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    William Maley

    Mixed Messages As To When Cadillac's Super Cruise Will Come Out

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      Is GM's Super Cruise coming out next year or not?

    In light of the fatal crash involving a Tesla Model S and Autopilot back in May, automakers are reconsidering their plans for rolling out their autonomous technologies. General Motors was planning to introduce Super Cruise on the Cadillac CT6 sometime next year. But in light of Tesla crash, GM is rethinking their plans.

    “We aren’t putting a specific date on it,” said GM CEO Mary Barra at a cybersecurity conference.

    Officials told The Detroit Bureau later on that the feature would still appear next year. This would be corroborated by a Cadillac spokesman to Motor Trend.

    “Right now, the plan continues to be that we will introduce [super Cruise] in the Cadillac CT6 in calendar year 2017,” said Cadillac spokesman Donny Nordlicht.

    “We want to make sure it is safe for our customers to use and we’ll launch it when we’re confident in the technology,” Nordlicht said. “Our engineers have been testing and validating the technology for the past several years to make sure all of our systems are focused on providing the customer among the most intuitive and safe solutions. We’re not driven by a deadline, we’re driven to make the system customer-friendly and safe so the exact month of introduction cannot be announced at this time.”

    Insiders at GM believe that Super Cruise should be able to avoid some of the problems that plague Tesla's Autopilot. Like Autopilot, Super Cruise blends information from radar and cameras. But Super Cruise will also use a high-definition map that provides more details than what you can get on a current navigation system. This map will help the system determine where the vehicle is and whether it is safe to engage the system. There is also a retina detection system that monitors the driver and will switch off Super Cruise if it detects if the driver isn't paying attention.

    Source: The Detroit Bureau, Motor Trend

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    Doesn't matter how long they delay it.

     

    Every automaker will probably have far larger unit sales of models equipped with this technology, and we'll find Cadillac's, Volvos, Mercs and others in crashes with their semi-auto driving aids enabled eventually too.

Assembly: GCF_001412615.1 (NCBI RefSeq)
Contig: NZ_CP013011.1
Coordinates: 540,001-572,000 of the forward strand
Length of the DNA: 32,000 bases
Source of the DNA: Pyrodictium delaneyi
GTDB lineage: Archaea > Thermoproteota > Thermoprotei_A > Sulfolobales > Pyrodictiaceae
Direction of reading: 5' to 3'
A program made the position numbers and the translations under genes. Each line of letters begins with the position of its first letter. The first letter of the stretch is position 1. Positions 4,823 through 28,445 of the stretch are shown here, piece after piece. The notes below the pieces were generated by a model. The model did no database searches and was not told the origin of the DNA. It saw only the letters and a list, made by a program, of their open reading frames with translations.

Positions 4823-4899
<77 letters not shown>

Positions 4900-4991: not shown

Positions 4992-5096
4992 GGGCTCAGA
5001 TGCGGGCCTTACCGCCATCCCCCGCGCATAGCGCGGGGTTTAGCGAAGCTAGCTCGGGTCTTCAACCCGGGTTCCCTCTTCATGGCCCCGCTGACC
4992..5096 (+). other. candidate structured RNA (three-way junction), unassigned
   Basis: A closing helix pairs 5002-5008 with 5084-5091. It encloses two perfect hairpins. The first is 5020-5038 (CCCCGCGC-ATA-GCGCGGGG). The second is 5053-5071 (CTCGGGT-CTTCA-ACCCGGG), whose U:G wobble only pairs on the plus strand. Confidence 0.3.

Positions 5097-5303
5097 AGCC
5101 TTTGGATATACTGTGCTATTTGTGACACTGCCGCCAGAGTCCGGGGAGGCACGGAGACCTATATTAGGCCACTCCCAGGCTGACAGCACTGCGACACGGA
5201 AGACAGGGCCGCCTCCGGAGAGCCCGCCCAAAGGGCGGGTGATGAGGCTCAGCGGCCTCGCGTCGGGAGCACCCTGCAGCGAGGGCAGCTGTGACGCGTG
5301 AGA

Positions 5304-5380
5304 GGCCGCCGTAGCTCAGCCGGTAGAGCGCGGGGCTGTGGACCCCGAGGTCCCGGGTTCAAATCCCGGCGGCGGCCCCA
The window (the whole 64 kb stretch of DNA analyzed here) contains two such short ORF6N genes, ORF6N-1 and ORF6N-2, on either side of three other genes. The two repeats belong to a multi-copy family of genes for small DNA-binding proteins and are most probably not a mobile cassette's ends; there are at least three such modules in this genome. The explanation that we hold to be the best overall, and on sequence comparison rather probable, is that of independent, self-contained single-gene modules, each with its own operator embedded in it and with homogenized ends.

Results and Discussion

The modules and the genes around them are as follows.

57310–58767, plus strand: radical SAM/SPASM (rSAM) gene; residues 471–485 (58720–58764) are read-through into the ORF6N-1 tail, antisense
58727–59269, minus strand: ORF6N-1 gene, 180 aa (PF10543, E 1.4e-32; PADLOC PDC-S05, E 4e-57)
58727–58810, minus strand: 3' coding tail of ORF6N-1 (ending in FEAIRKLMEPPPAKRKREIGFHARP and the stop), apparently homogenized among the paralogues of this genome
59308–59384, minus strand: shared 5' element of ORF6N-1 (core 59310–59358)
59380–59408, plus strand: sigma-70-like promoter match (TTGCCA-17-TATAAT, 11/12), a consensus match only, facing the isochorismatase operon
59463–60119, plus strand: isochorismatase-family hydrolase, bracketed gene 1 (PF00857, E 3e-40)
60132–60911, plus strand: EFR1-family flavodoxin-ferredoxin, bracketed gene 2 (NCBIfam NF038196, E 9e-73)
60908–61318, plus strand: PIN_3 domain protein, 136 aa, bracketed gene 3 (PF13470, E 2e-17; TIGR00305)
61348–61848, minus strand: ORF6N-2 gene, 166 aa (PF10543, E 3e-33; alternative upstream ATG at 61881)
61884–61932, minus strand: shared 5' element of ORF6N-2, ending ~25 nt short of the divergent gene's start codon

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    The real issue here is none of these systems are fool proof. Or should I say idiot proof. 

     

    First off they may do well but it is easy to say that no system has seen all conditions yet as that would be difficult in the short time they have been testing them. Even the sensors on my GMC now have many false alerts. 

     

    Then you factor in the idiot behind the wheel. You can call the system super cruise, driver assist or what ever and some idiot will take advantage of it to become even more distracted and not be in position to take control when something does go wrong. 

    Even on air planes they have two pilots with one on watch and enough alarms and time to catch what ever happens. Here you have one person and if distracted they will fail to catch the issue at hand. When you this low to the ground and in close proximity you have little to no time. 

     

    So when these systems arrive they need to be idiot proof. Imagine getting tens of thousands of these cars out and then finding an issue you may have not found before production. Then how do you deal with all the cars out there. This would be worse than the ignition deal especially if people were killed even in small numbers. 

     

    This is a system that has to make the legal departments at MFG lay awake at night. 

     

    GM has no margin of error here. Even if it slows the arrival of these systems down I would not be unhappy as I expect issues to arrive with the first adopters and it is better if they are forced to deal with them. GM s just earning its rep back and got off easy on the ignitions. No need to rush things and have a Headless Harry Potter fan on your hands. 

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    These semi-autonomous driving systems and automatic braking or lane keep assist also save a lot of lives.  How many times have these driver aides prevented a crash because the idiot driver was't paying attention.  So yes there are some times when the auto-pilot fails and there is a crash like with the recent Tesla crashes.  But there are probably more cases that the system saved a life that we don't hear about.  Either way though the driver still needs to be aware of what is going on and pay attention.

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    There's plenty of car crashes that have happened where like a witness like a passenger can attest to the driver being fully responsible and doing everything right - like ALL parties involved, and yet someone still ends up unable to eat breakfast because they just can't wake up.

     

    And I bet the frequency of those crashes is probably much higher than some renegade autonomous driving aids gone wrong.

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